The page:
Pay As You Churn: Dead Space 3’s Microtransactions

Remember how in the previous Dead Space games, the only way to buy new weapons, armour, ammo and medkits was to stomp on the gooey remains of malformed mutants and catch the credits that they had stashed in their internal organs? Those were the good old days. Eurogamer spotted a “downloadable content” pop-up during Dead Space 3’s all-new crafting sections and the game’s associate producer, Yara Khoury, has now confirmed to our EG chums that it will be possible to pay real money to improve weaponry:

“You can buy resources with real money, but scavenger bots can also give you the currency that you can use on the marketplace. So you don’t have to spend [real world] dollars.”

The answer to the question, “Please, sir, can I have some Ishi-more-a?”, is “Yes, but keep your credit card handy.”

When I played a preview build of the game, crafting items did drop from enemies but the actual system wasn’t ready for use, so it wasn’t clear whether it would involve interesting modifications or simple stat boosts. It’s probably going to be a mix of the two, with one screenshot showing an engineered safety guard that prevents splash damage. Whatever the final cost of these crafting kits (they may be macrotransactions, we don’t know!) and however powerful the buffs they provide, I can’t see a positive reason for their inclusion, except for their role as a way for EA to catch the money that people hurl at their screens.

If it’s necessary to have modified gear to succeed then scavenging for parts could become a grindy, horrible mess – and not the good sort of grindy horrible mess which involves Isaac’s boot grinding a necromorph into jam. The transaction then becomes a payment to avoid tedium. Or it may be that the crafted upgrades are more of a leveller, easing progress through the game’s more tricky sections for those who want a helping hand. That’s fine but it’s also often dealt with through a choice of difficulty levels and those (at least the easier ones) shouldn’t cost money or time to unlock.

Somebody gifted me a deluxe/limited/pre-order edition of Dead Space 2 before it was released and I was genuinely dismayed to find that their good intentions had provided me with a version of the game that handed me free late-level equipment from the start. I couldn’t understand why anyone would want that, in a game where desperation and inventory progression are so well linked, and so much a part of the experience. I ignored the free stuff and refused to use it, and I’ll do the same in Dead Space 3, but ignoring it doesn’t make it go away. The entire crafting system is new and I’m suspicious of any system that I can pay to skip past, particularly in a game where pacing should be at the forefront of design.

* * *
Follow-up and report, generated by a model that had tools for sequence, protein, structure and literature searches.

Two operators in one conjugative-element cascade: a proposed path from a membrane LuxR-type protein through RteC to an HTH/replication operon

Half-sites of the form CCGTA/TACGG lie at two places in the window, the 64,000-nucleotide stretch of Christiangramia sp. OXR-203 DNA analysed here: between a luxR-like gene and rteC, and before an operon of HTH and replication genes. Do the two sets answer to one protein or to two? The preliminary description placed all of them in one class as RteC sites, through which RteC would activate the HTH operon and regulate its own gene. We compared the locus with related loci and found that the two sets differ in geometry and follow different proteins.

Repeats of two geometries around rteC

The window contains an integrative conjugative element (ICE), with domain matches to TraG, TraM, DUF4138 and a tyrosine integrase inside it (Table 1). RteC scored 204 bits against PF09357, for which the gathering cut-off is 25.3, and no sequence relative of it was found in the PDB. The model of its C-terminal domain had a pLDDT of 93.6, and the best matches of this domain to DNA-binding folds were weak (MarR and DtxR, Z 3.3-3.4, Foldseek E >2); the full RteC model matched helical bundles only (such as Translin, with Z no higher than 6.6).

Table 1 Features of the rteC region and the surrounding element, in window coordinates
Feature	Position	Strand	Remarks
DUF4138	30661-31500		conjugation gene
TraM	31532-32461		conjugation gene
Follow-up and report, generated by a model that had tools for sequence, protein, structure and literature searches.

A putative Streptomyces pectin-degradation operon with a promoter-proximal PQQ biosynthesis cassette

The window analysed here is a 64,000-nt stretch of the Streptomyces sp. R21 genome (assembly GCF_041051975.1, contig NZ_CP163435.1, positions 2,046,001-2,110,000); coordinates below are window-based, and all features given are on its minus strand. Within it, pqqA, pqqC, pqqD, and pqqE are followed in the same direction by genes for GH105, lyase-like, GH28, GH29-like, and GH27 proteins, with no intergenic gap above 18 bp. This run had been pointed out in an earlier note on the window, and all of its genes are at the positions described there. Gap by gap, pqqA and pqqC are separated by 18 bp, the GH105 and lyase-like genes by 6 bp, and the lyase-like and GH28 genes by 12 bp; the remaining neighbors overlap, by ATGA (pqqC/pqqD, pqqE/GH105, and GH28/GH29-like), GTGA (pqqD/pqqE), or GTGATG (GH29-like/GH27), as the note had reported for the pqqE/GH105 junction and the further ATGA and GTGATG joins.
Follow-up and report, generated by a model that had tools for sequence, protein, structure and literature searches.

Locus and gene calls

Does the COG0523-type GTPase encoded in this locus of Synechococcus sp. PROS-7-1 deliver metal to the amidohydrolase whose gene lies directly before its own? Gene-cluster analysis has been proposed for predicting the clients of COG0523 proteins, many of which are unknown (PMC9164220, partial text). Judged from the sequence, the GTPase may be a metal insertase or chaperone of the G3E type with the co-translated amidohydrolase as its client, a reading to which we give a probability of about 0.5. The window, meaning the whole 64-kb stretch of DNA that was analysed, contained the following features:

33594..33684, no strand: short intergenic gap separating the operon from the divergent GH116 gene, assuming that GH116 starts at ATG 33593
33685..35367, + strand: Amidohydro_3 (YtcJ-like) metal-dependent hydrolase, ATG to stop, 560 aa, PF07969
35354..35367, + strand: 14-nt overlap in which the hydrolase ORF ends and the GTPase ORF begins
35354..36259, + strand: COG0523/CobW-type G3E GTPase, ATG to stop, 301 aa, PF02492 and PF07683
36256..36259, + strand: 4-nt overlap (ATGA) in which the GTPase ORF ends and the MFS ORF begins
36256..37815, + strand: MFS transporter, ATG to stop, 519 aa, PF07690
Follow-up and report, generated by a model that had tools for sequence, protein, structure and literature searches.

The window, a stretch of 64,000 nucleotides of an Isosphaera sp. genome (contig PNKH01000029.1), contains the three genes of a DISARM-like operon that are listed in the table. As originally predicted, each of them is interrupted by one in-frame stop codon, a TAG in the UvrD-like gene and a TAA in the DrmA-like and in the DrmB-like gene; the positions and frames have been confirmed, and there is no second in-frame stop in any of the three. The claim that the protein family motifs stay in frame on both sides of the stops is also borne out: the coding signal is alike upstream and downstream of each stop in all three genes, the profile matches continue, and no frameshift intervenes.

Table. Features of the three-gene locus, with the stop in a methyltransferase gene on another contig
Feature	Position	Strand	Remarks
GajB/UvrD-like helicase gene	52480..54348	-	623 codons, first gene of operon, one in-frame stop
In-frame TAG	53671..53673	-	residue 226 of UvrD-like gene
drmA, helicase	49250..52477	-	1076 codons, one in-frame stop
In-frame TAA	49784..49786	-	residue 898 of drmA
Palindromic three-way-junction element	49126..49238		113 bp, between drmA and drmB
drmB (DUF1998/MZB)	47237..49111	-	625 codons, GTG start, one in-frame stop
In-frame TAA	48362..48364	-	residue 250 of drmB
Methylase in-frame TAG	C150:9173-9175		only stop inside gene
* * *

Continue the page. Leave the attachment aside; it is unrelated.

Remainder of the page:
It won’t be possible to buy all of the high-end equipment on the first level – “There are a lot of weapon parts that are only available to buy later in the game. Unless you’re playing through it again [on New Game Plus]” – but the rationing out of purchases doesn’t particularly ease the discomfort. I’ve already seen people defending the decision by referring to people who don’t have as much time to play and might want to see all of the upgraded equipment. It’s alarming that asking those same people to pay more than the retail price for the privilege is seen as a kindness. Give them a cheat code!

I enjoyed the time I spent with the game, though not without reservations, but this news has made me grumpy. As much as anything, it’s a huge leap from the first game’s unusual and admirable approach to equipment, which allowed no possibility for the player to upgrade everything on a single playthrough. In the Ishimura’s flickering corridors, players had to pick their poison and adjust to what was at hand rather than carrying the best weaponry available into every fight.

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